Amazon Web Services (AWS) Lambda is a serverless computing service offered by Amazon that allows users to run their code without provisioning or managing servers. One of the key benefits of using Lambda is its pricing model, which is based on the number of requests and the duration of each request.
When it comes to pricing for AWS Lambda, there are two main components to consider: the number of requests and the duration of each request. The number of requests is the number of times your code is executed, and the duration of each request is the amount of time it takes for your code to run.
The cost for each request is $0.20 per 1 million requests, and the cost for the duration of each request is determined by the amount of memory allocated to the function. The more memory you allocate to your function, the higher the cost will be.
In addition to the cost of requests and duration, there are also other costs to consider when using AWS Lambda. For example, if you use other AWS services in conjunction with Lambda, such as S3 or DynamoDB, you will be charged for their usage as well. Additionally, if you choose to use a VPC with your Lambda function, you will incur additional charges for the use of the VPC.
It’s worth noting that AWS Lambda also offers a free tier that allows users to run up to 1 million requests per month and 400,000 GB-seconds of compute time per month at no charge. This free tier is a great way for users to test out and get familiar with the service before committing to a paid plan.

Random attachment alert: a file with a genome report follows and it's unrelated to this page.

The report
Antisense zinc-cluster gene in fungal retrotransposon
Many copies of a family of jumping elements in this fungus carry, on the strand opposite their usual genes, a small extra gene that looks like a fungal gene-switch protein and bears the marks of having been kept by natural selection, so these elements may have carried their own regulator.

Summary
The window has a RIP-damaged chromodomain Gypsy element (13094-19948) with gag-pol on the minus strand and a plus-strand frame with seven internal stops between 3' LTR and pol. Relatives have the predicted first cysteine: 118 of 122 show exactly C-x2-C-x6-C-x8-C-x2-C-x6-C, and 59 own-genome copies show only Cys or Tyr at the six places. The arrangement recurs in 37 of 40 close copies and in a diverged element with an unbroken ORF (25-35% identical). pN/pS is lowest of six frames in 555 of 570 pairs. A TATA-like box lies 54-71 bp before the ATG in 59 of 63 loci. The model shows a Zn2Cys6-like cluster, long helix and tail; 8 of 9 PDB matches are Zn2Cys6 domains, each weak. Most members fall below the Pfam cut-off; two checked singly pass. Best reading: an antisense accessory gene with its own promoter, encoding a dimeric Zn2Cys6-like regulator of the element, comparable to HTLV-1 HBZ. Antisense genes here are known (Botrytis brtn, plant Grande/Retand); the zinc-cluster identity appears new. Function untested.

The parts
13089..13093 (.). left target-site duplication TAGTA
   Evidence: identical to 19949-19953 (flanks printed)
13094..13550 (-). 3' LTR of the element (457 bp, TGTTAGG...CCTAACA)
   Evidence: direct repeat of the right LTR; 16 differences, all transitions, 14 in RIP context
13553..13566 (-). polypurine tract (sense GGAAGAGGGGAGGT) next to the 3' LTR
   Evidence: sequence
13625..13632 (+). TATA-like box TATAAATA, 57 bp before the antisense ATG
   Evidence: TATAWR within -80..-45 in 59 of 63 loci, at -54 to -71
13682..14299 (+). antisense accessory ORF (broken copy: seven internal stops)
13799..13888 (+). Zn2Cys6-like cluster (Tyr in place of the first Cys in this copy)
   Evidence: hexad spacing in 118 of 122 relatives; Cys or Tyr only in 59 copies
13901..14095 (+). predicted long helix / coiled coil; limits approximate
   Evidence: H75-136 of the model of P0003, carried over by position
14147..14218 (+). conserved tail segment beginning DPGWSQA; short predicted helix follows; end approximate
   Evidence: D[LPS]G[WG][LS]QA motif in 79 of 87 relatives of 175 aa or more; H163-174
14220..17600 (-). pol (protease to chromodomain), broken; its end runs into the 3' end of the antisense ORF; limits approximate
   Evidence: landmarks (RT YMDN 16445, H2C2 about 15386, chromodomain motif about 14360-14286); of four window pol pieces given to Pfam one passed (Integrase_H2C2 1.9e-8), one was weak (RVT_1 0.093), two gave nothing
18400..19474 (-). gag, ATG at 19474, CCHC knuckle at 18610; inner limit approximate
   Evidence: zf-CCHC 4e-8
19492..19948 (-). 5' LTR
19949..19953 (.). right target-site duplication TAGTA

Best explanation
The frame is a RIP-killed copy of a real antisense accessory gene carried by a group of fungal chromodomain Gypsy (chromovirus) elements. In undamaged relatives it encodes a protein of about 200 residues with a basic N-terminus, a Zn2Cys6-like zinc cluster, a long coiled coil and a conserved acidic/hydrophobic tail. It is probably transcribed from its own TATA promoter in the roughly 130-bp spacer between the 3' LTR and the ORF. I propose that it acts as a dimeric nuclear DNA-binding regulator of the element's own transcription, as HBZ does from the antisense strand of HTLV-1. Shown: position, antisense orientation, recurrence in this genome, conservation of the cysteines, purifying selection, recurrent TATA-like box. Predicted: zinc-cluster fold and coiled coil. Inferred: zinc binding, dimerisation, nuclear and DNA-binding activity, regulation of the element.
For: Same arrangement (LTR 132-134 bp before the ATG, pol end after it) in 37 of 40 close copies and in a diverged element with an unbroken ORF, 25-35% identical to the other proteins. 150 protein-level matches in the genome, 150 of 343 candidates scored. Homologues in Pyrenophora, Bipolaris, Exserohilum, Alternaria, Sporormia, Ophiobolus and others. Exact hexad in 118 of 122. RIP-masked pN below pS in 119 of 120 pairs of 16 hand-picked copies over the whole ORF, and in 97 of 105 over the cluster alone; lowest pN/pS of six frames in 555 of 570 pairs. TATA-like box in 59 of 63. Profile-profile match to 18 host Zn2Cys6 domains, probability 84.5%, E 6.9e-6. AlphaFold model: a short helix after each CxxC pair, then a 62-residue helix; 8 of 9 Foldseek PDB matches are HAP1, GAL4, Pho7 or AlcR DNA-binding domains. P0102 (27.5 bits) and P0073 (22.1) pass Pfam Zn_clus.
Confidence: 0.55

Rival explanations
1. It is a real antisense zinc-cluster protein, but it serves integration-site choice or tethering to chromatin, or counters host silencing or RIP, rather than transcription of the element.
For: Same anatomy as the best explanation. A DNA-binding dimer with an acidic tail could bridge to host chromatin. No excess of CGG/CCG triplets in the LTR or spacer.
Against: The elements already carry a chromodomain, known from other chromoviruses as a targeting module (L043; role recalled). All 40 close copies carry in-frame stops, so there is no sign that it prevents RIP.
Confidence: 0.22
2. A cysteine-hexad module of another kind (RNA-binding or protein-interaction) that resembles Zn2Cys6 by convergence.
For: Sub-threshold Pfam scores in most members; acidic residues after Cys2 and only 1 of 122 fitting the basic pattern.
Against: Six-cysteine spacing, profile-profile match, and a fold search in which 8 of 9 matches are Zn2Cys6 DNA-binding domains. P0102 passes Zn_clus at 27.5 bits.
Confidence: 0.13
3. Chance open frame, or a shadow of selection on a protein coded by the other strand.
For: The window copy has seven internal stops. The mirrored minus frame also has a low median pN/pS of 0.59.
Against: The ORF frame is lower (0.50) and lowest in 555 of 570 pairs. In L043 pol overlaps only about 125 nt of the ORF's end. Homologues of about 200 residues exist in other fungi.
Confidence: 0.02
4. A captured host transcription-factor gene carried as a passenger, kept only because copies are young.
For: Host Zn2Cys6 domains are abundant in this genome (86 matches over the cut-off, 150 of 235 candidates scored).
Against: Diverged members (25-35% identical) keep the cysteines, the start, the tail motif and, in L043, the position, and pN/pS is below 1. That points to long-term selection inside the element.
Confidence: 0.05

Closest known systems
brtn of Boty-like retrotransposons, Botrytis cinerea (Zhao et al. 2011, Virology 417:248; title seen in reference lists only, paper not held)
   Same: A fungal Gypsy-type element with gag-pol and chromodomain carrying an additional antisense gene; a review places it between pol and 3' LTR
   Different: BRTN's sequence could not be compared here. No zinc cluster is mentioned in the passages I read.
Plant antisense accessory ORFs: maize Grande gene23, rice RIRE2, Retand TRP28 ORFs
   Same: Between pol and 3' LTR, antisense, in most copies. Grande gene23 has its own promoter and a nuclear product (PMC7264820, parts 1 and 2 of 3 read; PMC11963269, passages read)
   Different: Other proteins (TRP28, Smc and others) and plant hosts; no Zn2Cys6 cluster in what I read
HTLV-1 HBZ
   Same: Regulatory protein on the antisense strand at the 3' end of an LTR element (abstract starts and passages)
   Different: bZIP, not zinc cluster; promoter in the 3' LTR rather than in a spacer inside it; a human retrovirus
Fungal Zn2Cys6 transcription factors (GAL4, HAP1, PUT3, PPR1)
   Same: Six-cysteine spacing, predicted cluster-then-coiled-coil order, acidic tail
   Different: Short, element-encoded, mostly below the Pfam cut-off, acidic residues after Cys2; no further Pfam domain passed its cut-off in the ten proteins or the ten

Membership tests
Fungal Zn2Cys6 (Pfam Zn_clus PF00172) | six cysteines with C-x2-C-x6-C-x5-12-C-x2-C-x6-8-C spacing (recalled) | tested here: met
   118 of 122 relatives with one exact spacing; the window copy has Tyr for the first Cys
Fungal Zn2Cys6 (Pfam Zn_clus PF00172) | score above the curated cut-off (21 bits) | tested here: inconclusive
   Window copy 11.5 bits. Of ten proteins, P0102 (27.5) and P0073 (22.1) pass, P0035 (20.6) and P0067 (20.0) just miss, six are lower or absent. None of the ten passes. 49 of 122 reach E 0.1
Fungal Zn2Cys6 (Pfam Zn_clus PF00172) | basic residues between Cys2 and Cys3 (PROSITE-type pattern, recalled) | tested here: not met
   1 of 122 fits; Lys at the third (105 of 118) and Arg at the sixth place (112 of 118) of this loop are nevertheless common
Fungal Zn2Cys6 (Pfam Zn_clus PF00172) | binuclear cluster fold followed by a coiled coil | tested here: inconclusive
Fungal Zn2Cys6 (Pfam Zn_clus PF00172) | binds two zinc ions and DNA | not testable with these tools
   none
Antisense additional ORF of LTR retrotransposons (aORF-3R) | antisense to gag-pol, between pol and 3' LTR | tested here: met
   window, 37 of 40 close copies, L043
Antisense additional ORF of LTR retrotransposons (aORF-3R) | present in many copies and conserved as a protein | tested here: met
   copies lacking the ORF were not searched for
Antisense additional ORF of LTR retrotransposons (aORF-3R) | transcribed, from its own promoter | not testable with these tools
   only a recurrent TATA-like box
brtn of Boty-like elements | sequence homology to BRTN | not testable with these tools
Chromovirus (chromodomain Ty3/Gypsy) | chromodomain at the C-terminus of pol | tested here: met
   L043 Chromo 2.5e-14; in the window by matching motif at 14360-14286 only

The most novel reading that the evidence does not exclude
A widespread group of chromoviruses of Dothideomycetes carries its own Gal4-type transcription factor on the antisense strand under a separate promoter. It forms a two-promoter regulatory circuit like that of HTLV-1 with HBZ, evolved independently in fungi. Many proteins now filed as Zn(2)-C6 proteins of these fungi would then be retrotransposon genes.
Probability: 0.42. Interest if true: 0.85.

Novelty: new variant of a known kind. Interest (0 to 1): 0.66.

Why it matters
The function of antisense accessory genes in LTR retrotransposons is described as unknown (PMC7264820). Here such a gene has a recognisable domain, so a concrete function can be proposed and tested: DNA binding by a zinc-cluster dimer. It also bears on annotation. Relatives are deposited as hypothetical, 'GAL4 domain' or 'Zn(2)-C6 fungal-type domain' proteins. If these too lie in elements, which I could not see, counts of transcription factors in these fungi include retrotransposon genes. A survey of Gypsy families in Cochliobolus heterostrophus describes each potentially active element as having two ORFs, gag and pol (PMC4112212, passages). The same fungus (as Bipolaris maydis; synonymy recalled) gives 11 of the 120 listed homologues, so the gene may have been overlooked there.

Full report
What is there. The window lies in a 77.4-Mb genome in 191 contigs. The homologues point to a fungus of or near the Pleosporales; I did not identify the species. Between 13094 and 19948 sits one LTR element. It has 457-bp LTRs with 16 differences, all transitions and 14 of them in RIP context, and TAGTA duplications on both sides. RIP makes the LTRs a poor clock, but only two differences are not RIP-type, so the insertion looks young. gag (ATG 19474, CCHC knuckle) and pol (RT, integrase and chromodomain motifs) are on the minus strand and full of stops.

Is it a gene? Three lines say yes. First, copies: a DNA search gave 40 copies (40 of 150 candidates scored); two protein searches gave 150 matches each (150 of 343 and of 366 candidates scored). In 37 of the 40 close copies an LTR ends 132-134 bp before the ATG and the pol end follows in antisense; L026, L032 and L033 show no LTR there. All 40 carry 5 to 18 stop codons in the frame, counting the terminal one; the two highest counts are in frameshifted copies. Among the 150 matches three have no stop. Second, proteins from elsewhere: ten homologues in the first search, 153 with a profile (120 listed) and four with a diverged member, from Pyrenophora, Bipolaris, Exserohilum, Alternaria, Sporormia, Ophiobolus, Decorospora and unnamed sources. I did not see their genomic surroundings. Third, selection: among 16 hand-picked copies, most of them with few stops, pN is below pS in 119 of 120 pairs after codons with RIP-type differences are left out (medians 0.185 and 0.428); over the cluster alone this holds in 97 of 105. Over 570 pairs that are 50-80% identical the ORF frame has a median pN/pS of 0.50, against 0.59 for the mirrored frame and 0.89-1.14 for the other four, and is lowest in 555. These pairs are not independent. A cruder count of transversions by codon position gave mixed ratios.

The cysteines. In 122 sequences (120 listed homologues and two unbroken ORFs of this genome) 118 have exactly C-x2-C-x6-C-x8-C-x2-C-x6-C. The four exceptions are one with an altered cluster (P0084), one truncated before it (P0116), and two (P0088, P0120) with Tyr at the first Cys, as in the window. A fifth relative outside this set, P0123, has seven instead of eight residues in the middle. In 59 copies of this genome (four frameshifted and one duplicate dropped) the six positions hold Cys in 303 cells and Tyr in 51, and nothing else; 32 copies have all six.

AWS Lambda also offers a feature called “Provisioned Concurrency” for a small additional cost, which allows users to keep their function “warm” and ready to respond quickly to incoming requests, reducing the “cold start” latency that can occur when a function is run infrequently.
In conclusion, AWS Lambda is a cost-effective serverless computing service that charges users based on the number of requests and the duration of each request. Additional charges may apply when using other AWS services in conjunction with Lambda and when using a VPC. The service also offers a free tier and a feature called Provisioned Concurrency to reduce latency. It’s a good idea to understand your usage and requirements to estimate the cost of using AWS Lambda.